borntobeabride

5 Ways We’ve Learned to Fight Fair (Even When We Don’t Want to)

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I never truly expected “happily ever after,” but like many brides-to-be, a secret part of me hoped that after we tied the knot, my now-husband and I would just figure it out and get along. With a lifelong commitment in place, it seemed the structure of those vows would encourage us to keep the peace. Communicating with each other has gotten easier over the years as we went from dating to engaged to married and now parents, but fights do still happen.

The thing is, a good fight isn’t necessarily a bad thing. Sometimes we need to share our opposing views, even when fueled by anger, in order to break through and learn more about each other and ourselves. A constructive argument can actually lead to a stronger peace, but now that we’re married we make it a point to fight fair. Not only are we in this for life (and hoping to enjoy it as much as possible), but we also want to model certain principles for our daughter — respect, trust, and listening skills are among these.

Lucky for us (or maybe not!), I come from a family of therapists and mental health professionals. But they’ve taught me some fighting skills that help me communicate more effectively with my husband. Instead of shouting useless “I hate yous” or losing sight of the entire point, here are some tips we’ve gleaned for constructive fighting.

1. Be heard without being hurtful. Mid-fight, it’s tempting to say something mean that will really drive home the point. But I know my message will go a lot farther if I don’t deliver it in a package that’s wrapped up in his insecurities. By the same token, I’ve suffered from anxiety and depression on and off for years — my hubby knows better than to call me “crazy” while we’re arguing (or ever!).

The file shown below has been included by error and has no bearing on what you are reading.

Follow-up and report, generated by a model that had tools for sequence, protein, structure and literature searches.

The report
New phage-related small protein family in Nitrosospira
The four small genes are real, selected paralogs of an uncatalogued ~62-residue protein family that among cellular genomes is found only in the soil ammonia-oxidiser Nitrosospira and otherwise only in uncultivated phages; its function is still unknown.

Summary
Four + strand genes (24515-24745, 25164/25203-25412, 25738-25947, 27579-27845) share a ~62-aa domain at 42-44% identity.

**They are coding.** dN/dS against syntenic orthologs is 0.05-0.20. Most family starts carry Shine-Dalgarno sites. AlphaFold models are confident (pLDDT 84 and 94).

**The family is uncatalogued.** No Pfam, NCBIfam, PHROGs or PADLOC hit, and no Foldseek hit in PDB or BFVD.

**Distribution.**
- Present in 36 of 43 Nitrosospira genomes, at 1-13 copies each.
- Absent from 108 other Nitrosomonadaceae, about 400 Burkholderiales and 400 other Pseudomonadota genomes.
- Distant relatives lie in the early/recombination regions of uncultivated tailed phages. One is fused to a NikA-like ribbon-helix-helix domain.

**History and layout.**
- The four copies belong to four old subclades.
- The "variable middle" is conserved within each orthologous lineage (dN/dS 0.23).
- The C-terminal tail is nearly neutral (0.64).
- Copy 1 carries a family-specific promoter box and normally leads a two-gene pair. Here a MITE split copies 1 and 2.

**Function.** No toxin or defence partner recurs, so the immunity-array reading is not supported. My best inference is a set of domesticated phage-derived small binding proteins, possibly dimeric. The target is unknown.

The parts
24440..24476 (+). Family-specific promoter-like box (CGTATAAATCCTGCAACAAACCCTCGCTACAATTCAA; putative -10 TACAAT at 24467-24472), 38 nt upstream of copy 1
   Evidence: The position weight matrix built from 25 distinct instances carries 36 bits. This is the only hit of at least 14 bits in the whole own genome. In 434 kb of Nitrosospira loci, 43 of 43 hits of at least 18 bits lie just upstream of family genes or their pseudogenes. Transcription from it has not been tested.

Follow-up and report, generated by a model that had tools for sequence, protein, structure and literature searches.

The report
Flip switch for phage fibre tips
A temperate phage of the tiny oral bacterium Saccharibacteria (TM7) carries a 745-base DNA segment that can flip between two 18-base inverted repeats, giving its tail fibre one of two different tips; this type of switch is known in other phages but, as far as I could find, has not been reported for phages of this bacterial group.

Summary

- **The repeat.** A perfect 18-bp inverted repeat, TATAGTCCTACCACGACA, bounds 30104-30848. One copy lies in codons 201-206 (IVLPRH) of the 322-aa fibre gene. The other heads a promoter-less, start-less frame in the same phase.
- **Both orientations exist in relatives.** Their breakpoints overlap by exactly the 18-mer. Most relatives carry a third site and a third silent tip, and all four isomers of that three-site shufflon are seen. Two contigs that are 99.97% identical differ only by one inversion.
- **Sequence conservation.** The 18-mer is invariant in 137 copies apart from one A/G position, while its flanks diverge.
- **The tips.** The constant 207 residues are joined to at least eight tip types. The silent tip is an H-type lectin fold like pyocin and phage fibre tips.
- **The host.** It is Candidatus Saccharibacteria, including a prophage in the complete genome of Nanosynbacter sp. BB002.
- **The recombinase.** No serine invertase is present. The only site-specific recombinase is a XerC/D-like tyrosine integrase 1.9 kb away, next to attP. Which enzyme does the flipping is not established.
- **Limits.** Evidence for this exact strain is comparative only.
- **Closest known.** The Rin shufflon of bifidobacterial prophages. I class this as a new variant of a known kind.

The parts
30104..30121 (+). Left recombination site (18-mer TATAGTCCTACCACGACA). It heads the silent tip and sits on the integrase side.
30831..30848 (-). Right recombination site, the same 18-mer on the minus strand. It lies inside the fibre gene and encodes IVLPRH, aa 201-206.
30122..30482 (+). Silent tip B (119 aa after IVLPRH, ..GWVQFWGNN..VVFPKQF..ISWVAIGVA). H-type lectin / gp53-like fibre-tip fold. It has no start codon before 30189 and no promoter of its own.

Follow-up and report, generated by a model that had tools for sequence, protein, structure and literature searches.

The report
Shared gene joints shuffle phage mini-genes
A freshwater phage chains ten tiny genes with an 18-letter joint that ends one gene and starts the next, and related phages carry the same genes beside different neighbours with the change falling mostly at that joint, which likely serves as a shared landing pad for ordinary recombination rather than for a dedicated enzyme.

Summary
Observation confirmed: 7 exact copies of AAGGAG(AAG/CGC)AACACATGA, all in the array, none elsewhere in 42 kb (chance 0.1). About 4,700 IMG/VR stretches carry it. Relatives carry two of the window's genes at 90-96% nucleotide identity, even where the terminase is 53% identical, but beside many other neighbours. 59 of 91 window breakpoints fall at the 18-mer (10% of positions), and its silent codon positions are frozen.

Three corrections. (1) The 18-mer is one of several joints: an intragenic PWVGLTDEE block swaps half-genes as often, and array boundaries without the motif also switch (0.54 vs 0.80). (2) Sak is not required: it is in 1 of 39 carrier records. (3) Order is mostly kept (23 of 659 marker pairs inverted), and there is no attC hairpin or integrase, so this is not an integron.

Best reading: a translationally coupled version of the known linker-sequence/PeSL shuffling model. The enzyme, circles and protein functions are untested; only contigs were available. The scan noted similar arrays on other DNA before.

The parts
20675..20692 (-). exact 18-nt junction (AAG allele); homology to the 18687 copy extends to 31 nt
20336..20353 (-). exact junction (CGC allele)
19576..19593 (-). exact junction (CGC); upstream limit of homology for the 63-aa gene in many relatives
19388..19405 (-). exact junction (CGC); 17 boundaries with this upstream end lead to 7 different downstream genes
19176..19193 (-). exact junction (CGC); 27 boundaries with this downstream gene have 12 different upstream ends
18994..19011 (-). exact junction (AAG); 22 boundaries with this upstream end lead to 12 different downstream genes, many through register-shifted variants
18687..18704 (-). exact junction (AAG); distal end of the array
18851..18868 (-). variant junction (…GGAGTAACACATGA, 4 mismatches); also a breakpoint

2. Use your curse words carefully. Let’s face it, most of us toss these around when we’re angry. And that’s actually okay, as long as we choose the right ones and methods. “Eff-you” is never the right choice. Instead we try to stick with lines like, “When you [insert topic here] it makes me feel like s**t.”

3. Stay on topic. Often, small things like a pile of dirty dishes or a miscommunication about a vet appointment can bring up a fight about something much deeper — like an unfair distribution of household work or mismatched schedules. But once we arrive at the root of the problem, we stay there. Prattling off a laundry list of gripes is not only going to worsen the fight, but it’ll eliminate the chance to see eye-to-eye on the big ticket issue at hand.

4. Leave the past where it belongs. Seems like an obvious one, but when tempers flare, sometimes old anger bubbles up to the surface. We try and focus on only what’s going on now. Of course, sometimes there will be patterns of behavior that need to be addressed, so reaching back a couple months can’t hurt if it’s necessary to illustrate a recurring theme. But old stuff that’s long since resolved has absolutely no place in today’s fight.

5. Don’t make threats. It’s a defense mechanism, which is something those family therapists I mentioned above have taught me. When my husband and I were still dating, we each had the tendency to declare, “It’s over!” when things got rough. Threatening abandonment is a classic go-to for those of us who fear it. If you truly are considering leaving your marriage, that is a whole other topic. For couples who are planning to stay together and simply having a fight, the “D” word is a careless and cruel one to throw around. Instead, we aim to be honest about what we’re feeling and focus on a solution instead of a fleeting, however powerful, desire to walk away.

When one of us feels the urge to break the basic fighting fair rules, we leave the room for a few minutes and come back with coffee for both of us. It might seem ridiculous, and it’s perhaps the most hate-filled single brew ever, but a moment of generosity within a bitter argument can be just the reset button needed to get back to a fair fight.